To glean data from print media, we selected web-based archives of one Bangla newspaper (Anandabazar Patrika), four English newspapers (The Statesman, The Hindustan Times, The Times of India, and The Telegraph), and online news portals (Supplementary Fig. 1). We did not find any media source from Bangladesh as the striped hyena has been extinct there for decades. The sources were chosen based on the highest circulation rates (Hary 2021). In secondary data skimming, readership can be a trait of selection (Akash et al. 2021a; Athreya et al. 2015).

For the third cluster, historical evidence of the striped hyena in the region, we sought out several series of gazetteers: (i) A Statistical Account of Bengal (comprised 20 volumes; compiled by Sir William Wilson Hunter between 1869 and 1877), (ii) The Imperial Gazetteer of India (a 26-volume gazetteer of the then British Indian Empire; published between 1881 and 1887, revised editions until the 1930s), (iii) Bengal District Gazetteers (came out in multiple volumes; each described the then administrative units which represent the present-day divisions; published until the first quarter of the twentieth century), (iv) West Bengal District Gazetteer (a state-wide initiative by the Government of India to update the previous gazetteers; published in multiple volumes between 1958 and 1990), and (v) Bangladesh District Gazetteer (an initiative by the Government of Bangladesh; published in multiple volumes between 1971 and 1990). Chronology and details of these compilations were obtained from Burton (1966), Scholberg (1970), and, and Gazetteers are considered to be comprehensive and reliable sources to trace past accounts (Laurini 2015; Acheson et al. 2017). Finally, we checked two journals that were operational since the eighteenth century: (i) The Journal of the Bombay Natural History Society (109 volumes; published between 1886 and 2012) and (ii) Journal of the Asiatic Society of Bengal (75 volumes; published between 1832 and 1936).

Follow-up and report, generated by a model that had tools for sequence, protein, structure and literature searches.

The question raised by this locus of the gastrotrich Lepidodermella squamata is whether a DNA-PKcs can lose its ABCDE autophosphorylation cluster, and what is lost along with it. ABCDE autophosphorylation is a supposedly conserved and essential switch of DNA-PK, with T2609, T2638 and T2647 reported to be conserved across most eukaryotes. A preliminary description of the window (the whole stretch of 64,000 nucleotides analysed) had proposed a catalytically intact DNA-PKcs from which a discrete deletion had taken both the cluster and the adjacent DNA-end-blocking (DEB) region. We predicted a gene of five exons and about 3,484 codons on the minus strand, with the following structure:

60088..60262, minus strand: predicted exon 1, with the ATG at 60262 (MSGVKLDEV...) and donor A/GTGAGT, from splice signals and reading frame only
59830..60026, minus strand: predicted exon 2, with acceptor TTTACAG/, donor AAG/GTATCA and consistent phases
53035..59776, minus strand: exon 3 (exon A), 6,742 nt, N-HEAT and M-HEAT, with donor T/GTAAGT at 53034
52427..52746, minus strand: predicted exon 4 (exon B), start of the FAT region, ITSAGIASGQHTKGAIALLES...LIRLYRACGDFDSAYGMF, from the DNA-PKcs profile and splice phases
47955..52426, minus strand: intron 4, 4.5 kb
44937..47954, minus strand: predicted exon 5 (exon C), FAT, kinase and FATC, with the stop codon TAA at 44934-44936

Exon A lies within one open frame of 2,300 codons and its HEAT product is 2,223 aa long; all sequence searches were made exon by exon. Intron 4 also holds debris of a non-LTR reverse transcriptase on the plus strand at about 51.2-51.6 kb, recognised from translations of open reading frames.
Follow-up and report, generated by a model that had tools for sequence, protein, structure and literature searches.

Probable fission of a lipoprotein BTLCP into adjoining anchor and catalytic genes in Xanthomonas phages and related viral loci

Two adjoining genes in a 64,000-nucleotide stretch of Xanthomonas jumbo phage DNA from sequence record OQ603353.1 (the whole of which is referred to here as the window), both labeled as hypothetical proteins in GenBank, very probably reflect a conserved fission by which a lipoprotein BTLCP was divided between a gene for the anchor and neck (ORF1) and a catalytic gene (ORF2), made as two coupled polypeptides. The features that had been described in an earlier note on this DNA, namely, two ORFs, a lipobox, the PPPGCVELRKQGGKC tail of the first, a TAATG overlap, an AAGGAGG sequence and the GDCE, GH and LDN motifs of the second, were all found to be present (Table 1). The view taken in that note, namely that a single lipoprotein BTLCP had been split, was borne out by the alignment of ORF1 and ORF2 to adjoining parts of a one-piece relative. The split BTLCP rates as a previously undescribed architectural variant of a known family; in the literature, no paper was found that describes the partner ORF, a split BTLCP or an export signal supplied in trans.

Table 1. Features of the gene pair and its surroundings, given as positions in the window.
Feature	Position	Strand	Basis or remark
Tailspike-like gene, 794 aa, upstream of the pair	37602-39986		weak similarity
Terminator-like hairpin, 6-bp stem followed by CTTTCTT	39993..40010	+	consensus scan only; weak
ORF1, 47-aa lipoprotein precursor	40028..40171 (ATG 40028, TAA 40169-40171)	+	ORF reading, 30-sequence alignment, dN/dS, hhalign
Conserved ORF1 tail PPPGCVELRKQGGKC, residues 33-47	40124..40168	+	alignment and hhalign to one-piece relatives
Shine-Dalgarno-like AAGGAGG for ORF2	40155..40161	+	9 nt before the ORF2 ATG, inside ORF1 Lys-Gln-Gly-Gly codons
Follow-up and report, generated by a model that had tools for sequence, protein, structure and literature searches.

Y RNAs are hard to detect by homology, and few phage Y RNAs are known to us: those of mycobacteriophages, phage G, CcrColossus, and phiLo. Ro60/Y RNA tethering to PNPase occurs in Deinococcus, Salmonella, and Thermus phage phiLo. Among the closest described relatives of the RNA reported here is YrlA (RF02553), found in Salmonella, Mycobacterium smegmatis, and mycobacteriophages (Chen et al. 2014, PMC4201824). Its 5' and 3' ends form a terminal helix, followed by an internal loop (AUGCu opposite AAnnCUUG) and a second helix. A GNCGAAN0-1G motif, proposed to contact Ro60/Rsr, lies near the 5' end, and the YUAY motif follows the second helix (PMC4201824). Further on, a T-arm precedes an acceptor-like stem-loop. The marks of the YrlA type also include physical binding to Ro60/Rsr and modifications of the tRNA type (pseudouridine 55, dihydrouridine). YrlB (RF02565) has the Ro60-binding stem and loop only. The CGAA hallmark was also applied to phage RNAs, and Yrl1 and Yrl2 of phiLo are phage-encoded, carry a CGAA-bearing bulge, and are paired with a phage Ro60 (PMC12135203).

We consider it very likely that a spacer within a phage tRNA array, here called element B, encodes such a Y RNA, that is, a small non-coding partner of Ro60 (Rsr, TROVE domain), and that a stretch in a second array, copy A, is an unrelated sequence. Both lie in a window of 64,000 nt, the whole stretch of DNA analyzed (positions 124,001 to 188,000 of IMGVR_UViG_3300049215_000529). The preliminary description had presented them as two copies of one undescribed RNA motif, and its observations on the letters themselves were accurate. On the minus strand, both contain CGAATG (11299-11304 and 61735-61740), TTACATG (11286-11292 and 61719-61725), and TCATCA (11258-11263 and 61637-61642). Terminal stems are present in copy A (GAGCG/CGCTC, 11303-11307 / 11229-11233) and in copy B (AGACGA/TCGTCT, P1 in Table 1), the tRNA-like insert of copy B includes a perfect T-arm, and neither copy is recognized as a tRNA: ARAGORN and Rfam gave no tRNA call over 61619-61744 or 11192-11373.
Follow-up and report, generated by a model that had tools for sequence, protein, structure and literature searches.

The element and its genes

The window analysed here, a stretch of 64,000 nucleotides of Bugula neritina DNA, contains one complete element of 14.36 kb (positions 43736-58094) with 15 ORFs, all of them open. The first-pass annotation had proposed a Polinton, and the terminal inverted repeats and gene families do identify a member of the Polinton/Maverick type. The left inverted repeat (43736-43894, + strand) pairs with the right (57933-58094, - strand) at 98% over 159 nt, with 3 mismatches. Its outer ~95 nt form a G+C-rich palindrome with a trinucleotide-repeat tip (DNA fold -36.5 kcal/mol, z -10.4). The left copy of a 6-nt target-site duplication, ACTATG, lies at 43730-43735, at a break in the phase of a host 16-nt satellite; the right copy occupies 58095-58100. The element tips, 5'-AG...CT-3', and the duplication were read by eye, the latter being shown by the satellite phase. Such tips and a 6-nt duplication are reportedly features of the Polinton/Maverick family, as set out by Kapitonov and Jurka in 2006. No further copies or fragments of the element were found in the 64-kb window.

Verification of occurrence records

To verify any hyena-related event featured in the media and to avoid repeated entries, we followed a two-step approach. We considered a result pertinent only if the location was within the present-day geopolitical boundary of West Bengal, India, or Bangladesh. Each report was used only if it had been published with an identifiable image of a hyena (dead or alive) or hyena spoor and/or included expert statements confirming species identification (e.g., from the West Bengal Forest Department personnel). All else was excluded from our analysis. For example, we did not consider the report of Sengupta (2020) as the identification of the conflict animal was uncertain. Similarly, we did not consider Mallick (2019) because it mentioned the presence of the striped hyena in West Bengal but did not specify any locality. We also excluded Maiti (2021) as, from the video provided with the report, we identified the animal as an Indian wolf (Canis lupus pallipes).

The data collected between 2010 and 2021 were classified under four themes: type, place, time, and source. Each theme was further classified under different considerations. Regarding the type of occurrence, the data were grouped into two categories: (i) human-hyena conflict and (ii) encounters in the wild. Human-hyena conflict corresponds to the retaliatory events induced by hyenas and/or by hyena attacks on humans or livestock as well as vehicle collisions. Any instance of hyena sightings in a wildlife survey or as an opportunistic event was defined as an encounter in the wild. The number of hyenas that appeared on each occasion, and damage, if any, caused by hyenas were also noted. We adopted definitions for these categorizations from Balme et al. (2014) and Akash et al. (2021a). The source, time (year, month, and date), and place (i.e., the type of habitat: forest, urban/peri-urban, or rural/agricultural; adopted from Acharya et al. 2016) of each event were also noted. When considering contemporary (2010–2021) occurrence events, we observed topographic traits of the occurrence location from Google Earth Imagery and noted pertinent district statistics compiled by RGCC (2011) and BBS (2011).